Detroit, MI, July 27, 2017 --(PR.com
)-- It's no secret attention spans have plunged since the advent of the Internet and social media. But a new study shows this decline continues. ComScore CEO Gian Fulgoni appeared in an interview on CNBC on July 21, 2017. A new study by comScore found millennials now have only a 5 to 6 second attention span for viewing commercials.
Fulgoni pointed out millennials spend only 25% of their time on desktops with the other 75% spent on mobile devices.
He also noted those 55 and older spend twice the amount of time on TV that they spend watching content online. “Viewing patterns of millennials are significantly different than the older segment,” he said. They spend about 60% more time viewing internet video than live TV.
A couple days prior to this report, freelance writer Kimberly Blaker had pointed to a 2015 study by Microsoft Corp. in her new blog Engage and Compel. The study found average attention spans had dropped from 12 seconds to just 8 seconds since the turn of the millennium. Blaker had predicted, “What's more, attention spans will likely continue to decline as older generations pass away leaving only the younger generations who were raised in the digital age.”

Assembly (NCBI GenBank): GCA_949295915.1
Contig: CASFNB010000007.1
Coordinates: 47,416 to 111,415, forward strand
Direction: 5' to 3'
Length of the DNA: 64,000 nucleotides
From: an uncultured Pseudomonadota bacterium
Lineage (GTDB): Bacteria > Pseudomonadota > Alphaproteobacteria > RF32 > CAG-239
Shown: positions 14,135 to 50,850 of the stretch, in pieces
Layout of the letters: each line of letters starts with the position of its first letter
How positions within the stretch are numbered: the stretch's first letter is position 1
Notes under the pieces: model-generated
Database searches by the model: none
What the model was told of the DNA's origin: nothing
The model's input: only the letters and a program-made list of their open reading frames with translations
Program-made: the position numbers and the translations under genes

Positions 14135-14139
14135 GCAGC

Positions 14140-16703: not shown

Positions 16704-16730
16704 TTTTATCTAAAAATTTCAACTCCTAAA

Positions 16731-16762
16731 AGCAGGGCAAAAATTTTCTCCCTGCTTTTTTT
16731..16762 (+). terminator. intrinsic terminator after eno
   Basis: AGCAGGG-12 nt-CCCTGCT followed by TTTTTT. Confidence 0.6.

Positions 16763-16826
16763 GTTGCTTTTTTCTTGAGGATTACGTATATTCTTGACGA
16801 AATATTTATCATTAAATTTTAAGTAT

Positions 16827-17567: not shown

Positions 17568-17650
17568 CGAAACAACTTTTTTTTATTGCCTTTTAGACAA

Little did Blaker know how quickly her prediction would be confirmed. The CNBC comScore interview focused on attention span as it relates to video. But Blaker says, as do other sources, “this decline plays out in all forms of media including, and perhaps particularly, written content whether digital or print.”
Fulgoni also told CNBC that in tracking millennials as they age into the next segment there is a slight behavioral change in watching more TV. But he noted, it is nonetheless not enough to indicate millennial patterns are going to change significantly enough to resemble earlier generations.
But teaching businesses, professionals, non-profits, and advertisers how to overcome this obstacle is what Blaker's blog is all about. She says, “It isn't easy. Today's marketers have to use every trick in the book and then some to hold readers' or consumers' attention.”
The Engage and Compel blog will cover a broad variety of techniques. These range from connecting with readers and story telling to playing on emotions and strategic use of imagery.
But Blaker believes by learning these techniques, businesses and advertisers will be more effective in their marketing strategy. “Particularly,” says Blaker, “though not exclusively, with millennials and generation Z.”
For more information on writing effectively for audience engagement, visit http://kimberlyblaker.com/category/engage-compel-blog/